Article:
Round of applause for the generous guide dog volunteers


Kindhearted Lanarkshire volunteers whose contributions make a significant difference in the lives of visually impaired people were honored at a special ceremony.

They all donate their time to the Hamilton Center of Guide Dogs – a charity celebrating its 90th anniversary this year.

Volunteer puppy breeder Craig Herbert, from East Kilbride, took guests to Saint Mary’s Scottish Episcopal Church in Hamilton before Glasgow native Carlos Rodriguez gave an inspirational talk on how his life has changed since working with guide dog Marine.

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Carlos battled severe depression after losing his sight and credits Marine with helping him enjoy life again – and losing over 10 stone from her daily walks.

Carlos Rodriguez says his guide dog Marine changed his life

Guide Dogs Volunteer Coordinator Susan Harrison told Lanarkshire Live: “This was our first personal award since the pandemic began and a wonderful opportunity to celebrate the work of our amazing volunteers.

“Volunteers are at the core of our existence and part of everything we do.

“Without them there would be no guide dogs. Congratulations to all of our winners and finalists.”

Volunteer puppy breeder Craig Herbert introduced the guests to the event

The event’s winners and finalists included people who help the charity in a variety of ways, such as: B. Dog grooming, puppy raising, fundraising, campaigning and driving.

Motherwell canine handler Violet Murray received the ‘Expert Award’ for the skills and dedication she has shown caring for guide dogs in training.

Over the past six years, Vi has sponsored seven guide dogs and is also a sighted guide, a role that includes walking a Blantyre man’s guide dog on free, free-roaming runs, during which she acts as his guide.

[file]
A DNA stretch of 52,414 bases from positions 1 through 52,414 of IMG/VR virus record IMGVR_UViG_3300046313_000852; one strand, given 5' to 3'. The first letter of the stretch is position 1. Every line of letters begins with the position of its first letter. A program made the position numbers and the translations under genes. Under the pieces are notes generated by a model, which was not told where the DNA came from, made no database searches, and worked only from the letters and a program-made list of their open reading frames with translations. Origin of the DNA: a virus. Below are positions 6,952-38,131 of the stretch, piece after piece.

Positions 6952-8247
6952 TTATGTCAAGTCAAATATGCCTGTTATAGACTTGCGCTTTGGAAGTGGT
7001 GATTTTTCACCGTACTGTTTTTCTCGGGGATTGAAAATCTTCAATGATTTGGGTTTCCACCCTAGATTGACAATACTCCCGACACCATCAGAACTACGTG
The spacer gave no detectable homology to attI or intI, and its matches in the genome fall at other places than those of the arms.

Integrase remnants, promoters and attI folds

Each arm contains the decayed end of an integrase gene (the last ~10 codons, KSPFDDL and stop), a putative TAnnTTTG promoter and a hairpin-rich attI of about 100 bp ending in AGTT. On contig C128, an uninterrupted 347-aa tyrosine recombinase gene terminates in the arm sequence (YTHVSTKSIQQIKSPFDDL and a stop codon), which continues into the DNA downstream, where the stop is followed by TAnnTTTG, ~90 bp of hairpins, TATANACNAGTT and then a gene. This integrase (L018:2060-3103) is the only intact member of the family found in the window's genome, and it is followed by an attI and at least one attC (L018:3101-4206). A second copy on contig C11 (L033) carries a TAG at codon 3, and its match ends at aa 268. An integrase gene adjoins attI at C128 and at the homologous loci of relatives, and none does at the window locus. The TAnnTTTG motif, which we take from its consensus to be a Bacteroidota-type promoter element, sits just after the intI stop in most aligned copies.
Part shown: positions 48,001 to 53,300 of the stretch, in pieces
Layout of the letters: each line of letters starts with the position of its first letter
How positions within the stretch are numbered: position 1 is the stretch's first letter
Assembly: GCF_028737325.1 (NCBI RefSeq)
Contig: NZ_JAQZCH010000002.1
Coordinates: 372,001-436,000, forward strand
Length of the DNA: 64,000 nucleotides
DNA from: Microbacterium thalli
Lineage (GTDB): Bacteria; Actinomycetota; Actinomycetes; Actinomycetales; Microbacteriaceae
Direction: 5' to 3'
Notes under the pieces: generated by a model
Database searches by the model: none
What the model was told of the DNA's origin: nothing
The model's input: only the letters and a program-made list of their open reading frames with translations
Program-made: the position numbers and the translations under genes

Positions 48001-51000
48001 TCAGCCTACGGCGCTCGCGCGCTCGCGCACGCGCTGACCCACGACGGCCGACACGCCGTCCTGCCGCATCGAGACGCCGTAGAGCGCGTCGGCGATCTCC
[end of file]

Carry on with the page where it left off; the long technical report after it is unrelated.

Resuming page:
Winners Christine Patterson and Violet Murray

Vi is currently taking care of Theo – the first guide dog she raised directly from a volunteer puppy kennel in the earliest stages of training.

“I look after the dog and have him at home, except when I’m taking him to the training school in Hamilton, five days a week from 9am to 4.30pm,” she explained.

“I have to let the dog roam free at the weekend, let him off the leash and keep up the training he gets at Guide Dogs.

Bramble at the Guide Dog Training Center

“That includes things like stopping at the curb and using the same commands they use and giving lots of experiences like socializing with people and other dogs.

“I sometimes take them to cafes, to lunch and to visit family. Basically they are treated like any other dog when not working.”

Christine Patterson from Glasgow accepted the ‘Partners’ award for her work as a canine health and welfare volunteer at the charity’s Hamilton office. Christine’s nomination described her as having “a lovable, calm demeanor with the dogs.”

The dedicated team at Guide Dogs’ Hamilton Center

Biggar fundraiser Stewart Houston was the winner of the Optimistic award.

Said Stewart, “I’m delighted and will cherish my certificate and badge. I am truly grateful for being nominated and receiving this award.”

The charity is currently appealing to volunteer puppy breeders to care for a puppy for 12 to 16 months, guiding them through training, socialization, introducing them to new environments and experiences, while providing them with a loving home.

Visit the website for more information.

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